This is not about an election. The church should not mark its progress in four-year cycles but instead consider the times and work while it is day—because night is coming.
This is not about the other side of the aisle as if a country can be split down the middle. The way we see the world cannot be halved and then pitted against those who do not share our convictions. “For God so loved the world”—not our corner of it.
While it makes for good political theater, these patriotism competitions are far from entertaining. And from where I am sitting, no one is winning.
American society is melting down, bowing down to the golden donkey and elephant. It is democracy stripped down to next to nothing.
Who is keeping track of what we have lost? Decency, integrity, truth and solidarity are at the top of my list. Write yours down quickly before we can’t see what’s right in front of us.
America has turned against itself. All pretense is gone. United in name only, our divisions are so obvious that even foreign countries can see them.
Still, the church is called to cultivate authentic community amid a nation of enemies who become strangers and strangers who become enemies. Maybe we stayed too long while “meeting people where they are” as our faith has become partisan.
Political affiliation is often conflated with a faith position. Just look at what happens when anyone says liberal or conservative.
Also, follow Jesus or tow the party line are peculiar options. How did we get here?
We sold our communion table for a seat at the president’s table. Using the name of Jesus in vain, we traded our light for leverage on the world’s stage.
Wanting not only to be in the world but on top of it, we made business deals instead of disciples. So, we have more money and fewer hopes for the community we’ve been called to serve. It is no surprise when we want to move out of it.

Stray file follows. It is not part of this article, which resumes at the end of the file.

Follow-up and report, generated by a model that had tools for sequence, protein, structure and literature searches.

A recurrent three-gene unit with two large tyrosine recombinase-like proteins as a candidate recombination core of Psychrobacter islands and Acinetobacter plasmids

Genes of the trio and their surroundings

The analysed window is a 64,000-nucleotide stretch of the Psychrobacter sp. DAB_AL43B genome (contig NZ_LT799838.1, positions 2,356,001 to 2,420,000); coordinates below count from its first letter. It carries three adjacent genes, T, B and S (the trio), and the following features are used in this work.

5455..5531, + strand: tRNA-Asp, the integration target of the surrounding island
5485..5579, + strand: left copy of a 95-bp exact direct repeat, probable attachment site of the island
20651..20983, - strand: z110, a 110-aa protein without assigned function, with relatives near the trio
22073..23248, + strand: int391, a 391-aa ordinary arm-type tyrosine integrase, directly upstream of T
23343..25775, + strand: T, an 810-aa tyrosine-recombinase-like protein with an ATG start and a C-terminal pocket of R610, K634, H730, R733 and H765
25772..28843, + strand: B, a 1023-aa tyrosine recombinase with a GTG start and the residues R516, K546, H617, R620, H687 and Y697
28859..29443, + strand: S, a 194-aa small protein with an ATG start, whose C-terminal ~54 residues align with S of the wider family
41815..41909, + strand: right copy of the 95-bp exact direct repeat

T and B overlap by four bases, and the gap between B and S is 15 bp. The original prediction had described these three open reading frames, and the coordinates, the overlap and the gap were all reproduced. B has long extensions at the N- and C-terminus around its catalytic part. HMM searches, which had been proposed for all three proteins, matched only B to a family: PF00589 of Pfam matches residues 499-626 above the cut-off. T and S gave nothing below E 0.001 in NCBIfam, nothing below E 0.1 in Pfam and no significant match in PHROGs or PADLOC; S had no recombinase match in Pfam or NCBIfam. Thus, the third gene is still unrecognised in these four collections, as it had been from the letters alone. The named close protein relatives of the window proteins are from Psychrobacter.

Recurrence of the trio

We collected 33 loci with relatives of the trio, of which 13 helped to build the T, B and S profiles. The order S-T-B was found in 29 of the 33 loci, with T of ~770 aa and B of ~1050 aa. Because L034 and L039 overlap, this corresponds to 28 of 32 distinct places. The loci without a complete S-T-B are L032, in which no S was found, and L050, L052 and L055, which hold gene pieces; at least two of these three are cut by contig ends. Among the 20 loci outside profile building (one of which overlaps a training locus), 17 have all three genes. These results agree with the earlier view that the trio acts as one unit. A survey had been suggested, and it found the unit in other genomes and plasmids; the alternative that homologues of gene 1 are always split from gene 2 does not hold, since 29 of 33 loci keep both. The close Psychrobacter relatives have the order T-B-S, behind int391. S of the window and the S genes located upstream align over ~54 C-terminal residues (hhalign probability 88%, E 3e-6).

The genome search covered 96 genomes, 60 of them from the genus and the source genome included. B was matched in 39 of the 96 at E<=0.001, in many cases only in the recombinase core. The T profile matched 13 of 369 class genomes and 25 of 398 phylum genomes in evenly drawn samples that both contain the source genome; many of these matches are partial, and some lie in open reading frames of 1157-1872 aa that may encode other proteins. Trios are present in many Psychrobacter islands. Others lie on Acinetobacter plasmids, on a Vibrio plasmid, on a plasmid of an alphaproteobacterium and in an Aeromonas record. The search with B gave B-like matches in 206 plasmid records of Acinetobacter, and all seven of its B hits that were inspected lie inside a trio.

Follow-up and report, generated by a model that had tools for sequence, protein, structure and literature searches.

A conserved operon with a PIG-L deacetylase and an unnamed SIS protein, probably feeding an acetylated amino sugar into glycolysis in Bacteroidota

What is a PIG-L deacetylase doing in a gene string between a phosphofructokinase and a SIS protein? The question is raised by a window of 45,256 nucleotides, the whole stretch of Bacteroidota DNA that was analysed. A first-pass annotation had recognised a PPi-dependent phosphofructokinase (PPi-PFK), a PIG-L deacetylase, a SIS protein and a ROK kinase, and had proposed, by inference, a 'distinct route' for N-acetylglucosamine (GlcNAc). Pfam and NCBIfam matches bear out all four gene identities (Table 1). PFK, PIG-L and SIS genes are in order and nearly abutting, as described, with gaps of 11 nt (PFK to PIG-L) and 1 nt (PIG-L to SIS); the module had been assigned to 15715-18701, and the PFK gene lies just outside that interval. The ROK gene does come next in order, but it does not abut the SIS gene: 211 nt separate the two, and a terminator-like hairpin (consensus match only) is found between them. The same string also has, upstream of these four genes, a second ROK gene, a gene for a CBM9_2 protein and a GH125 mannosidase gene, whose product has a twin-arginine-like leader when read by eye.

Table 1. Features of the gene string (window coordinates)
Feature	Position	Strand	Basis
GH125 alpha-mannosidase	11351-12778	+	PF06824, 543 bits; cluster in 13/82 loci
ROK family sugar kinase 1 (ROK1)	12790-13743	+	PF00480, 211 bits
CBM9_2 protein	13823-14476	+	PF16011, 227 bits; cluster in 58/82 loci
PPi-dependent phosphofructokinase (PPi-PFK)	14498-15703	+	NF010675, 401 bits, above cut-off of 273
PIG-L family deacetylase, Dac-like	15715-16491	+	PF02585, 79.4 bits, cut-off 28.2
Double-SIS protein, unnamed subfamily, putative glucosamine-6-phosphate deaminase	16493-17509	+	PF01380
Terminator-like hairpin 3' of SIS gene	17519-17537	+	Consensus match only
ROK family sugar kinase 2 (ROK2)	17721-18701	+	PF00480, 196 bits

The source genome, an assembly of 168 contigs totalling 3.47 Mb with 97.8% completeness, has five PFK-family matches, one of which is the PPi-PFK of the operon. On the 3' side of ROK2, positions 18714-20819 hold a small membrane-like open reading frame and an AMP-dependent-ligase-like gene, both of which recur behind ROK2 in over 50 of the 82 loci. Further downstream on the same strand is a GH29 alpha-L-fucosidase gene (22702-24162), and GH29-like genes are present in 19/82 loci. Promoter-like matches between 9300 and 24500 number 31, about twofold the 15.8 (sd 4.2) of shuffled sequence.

It is the end of the world as I hoped it could be—at least for now. I had such high hopes for Christianity, but its followers have continuously let me down.
Jesus said we are “the light of the world” (Matt 5:14-16). Instead, we are the source of heated conversations and debates. We are mostly known for finger-pointing, looking down our noses at others and shoving the Bible in people’s faces, which is not the same as being Jesus’ hands and feet.
And so many dark deeds and controversies have come to light. So what can the church- pot say to the kettle-world?
The world knows the answer and has the church’s tongue. What the world giveth, the world can taketh away. What can Christians say with authority when repeating after Caesar in word and in deed?
Can we even see ourselves anymore and has anyone seen Jesus? Because it’s getting dark.
“The great crisis among us is the crisis of ‘the common good,’ the sense of community solidarity that binds all in a common destiny—haves and have nots, the rich and the poor,” Walter Brueggemann wrote in Journey to the Common Good. “We face a crisis about the common good because there are powerful forces at work among us to resist the common good, to violate community solidarity and to deny a common destiny.”
We are called to be the church in and out of political season. For me, it is not a position of left or right but rather the possession of divine light.
It’s the only way I’ll be able to see you when the world goes dark.